The clinical scores showed statistically significant improvement at both times. Two of the patients had repeat arthroscopy and both showed significant improvement, with one of the arthroscopies showing an almost completely healed articular cartilage. The authors concluded that “autologous bone marrow with mesenchymal stem cell transplantation on a platelet-rich fibrin glue as a cell scaffold may be an effective approach to promote the repair of articular cartilage defects of the knee in human patients.6”
Bone Marrow Growth Factors
To me, this was a very good paper and worthy of reading. Again, though the doctors are orthopedic surgeons and want to do surgery on everything. Why not have a control group that received injected stem cells without any surgery? My thoughts are it would have worked anyway, because the body knows best. The authors noted that the platelet granules of platelets contain transforming growth factor (TGF-B1) and insulin growth factor-1 (IGF-1), which both stimulate cartilage regeneration. This was one of the main points as to why they chose platelets as a scaffold. Of course a scaffold would have to be surgically placed.
Bone marrow is full of IGF-1 and TGF-B1. 7,8 Just about any growth factor is available in ample amounts in bone marrow. Want some FBS, PDGF, VEGF, IGF-1, IL-8, BMP-4 and others, it will be found in bone marrow. How does Bone Marrow Prolotherapy compare to the therapy done in the study? Direct Bone Marrow Prolotherapy does not use a scaffold, rather the stem cells from the patient’s bone marrow are injected directly into the patient’s injury. When one does direct Bone Marrow Prolotherapy as stem cell therapy, you are letting the body produce what it needs. You are not making it. If the body needs chondrocytes, I suspect it will make them from the stem cells found in bone marrow. How? Well the way it normally does, by differentiating stem cells into chondrocytes. These newly made chondrocytes need nutrition from the joint fluid, so if the degenerated joint lacks joint fluid the aspirated bone that was injected into the joint will stimulate joint fluid production via the synoviocytes. Yes there are studies that show stem cells go all over synoviocytes and are found in abundance in the synovium.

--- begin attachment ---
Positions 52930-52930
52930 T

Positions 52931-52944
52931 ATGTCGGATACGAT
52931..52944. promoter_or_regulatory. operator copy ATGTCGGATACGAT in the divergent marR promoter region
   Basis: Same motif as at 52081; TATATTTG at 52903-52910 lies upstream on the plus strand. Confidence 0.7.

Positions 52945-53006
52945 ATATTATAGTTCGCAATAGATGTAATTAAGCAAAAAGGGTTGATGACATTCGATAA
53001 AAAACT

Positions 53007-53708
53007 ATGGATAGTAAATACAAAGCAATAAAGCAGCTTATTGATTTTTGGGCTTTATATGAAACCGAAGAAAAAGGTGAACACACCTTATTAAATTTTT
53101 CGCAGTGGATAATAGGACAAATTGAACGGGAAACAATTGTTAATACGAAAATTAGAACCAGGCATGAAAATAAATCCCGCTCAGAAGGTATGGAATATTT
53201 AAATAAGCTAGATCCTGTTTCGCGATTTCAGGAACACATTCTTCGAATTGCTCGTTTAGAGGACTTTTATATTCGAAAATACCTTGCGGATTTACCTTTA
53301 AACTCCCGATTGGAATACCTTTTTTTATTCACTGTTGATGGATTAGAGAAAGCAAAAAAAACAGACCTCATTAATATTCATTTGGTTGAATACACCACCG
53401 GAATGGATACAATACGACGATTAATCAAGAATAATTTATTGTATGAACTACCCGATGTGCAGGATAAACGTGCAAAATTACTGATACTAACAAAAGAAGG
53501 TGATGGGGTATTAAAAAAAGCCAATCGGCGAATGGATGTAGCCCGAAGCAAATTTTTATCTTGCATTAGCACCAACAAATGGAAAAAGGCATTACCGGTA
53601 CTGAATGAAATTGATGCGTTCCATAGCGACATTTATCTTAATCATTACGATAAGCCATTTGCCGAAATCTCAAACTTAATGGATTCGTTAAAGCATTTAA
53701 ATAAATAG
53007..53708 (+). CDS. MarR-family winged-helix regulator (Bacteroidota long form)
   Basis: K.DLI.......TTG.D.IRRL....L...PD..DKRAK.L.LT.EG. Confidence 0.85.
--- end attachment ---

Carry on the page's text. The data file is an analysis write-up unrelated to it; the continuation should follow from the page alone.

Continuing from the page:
So yes, this first study reviewed was a good one. Articular cartilage can definitely be regenerated, I just say we do it without surgical intervention.
Do you have questions about Articular Cartilage Regeneration? Ask us.
References for this article
1. Kwon DR, Park GY, Lee SU. The effects of intra-articular platelet-rich plasma injection according to the severity of collagenase-induced knee osteoarthritis in a rabbit model. Ann Rehabil Med. 2012 Aug;36(4):458-65. Epub 2012 Aug 27.
2 Bulman SE, Barron V, Coleman CM, Barry F. Enhancing the Mesenchymal Stem Cell Therapeutic Response: Cell Localization and Support for Cartilage Repair. Tissue Eng Part B Rev. 2012 Sep 24. [Epub ahead of print]
3. Koh YG, Choi YJ. Infrapatellar fat pad-derived mesenchymal stem cell therapy for knee osteoarthritis. Knee. 2012 May 12. [Epub ahead of print]
4. Gupta PK, Das AK, Chullikana A, Majumdar AS. Mesenchymal stem cells for cartilage repair in osteoarthritis. Stem Cell Res Ther. 2012 Jul 9;3(4):25. [Epub ahead of print]
5. Hauser RA, Cukla JJ. Standard Clinical X-ray Studies Document Cartilage Regeneration in Five Degenerated Knees After Prolotherapy. Journal of Prolotherapy. 2009;1:22-28.
6. Haleem AM. The clinical use of human culture-expanded autologous bone marrow mesenchymal stem cells transplanted on platelet-rich fibrin glue in the treatment of articular cartilage defects: a pilot study and preliminary results.
7. Mishima Y. Chemotaxis of human articular chondrocytes to mesenchymal stem cells. Journal of Orthopedic Research. 2008;26:1407-1412.
8. Smiler D. Growth factors and gene expression of stem cells: bone marrow compared with peripheral blood. Basic and Clinical Research. 2010;19:229-240.
Prolotherapy research citations for other joint pain problems. An article by Ross Hauser, MD.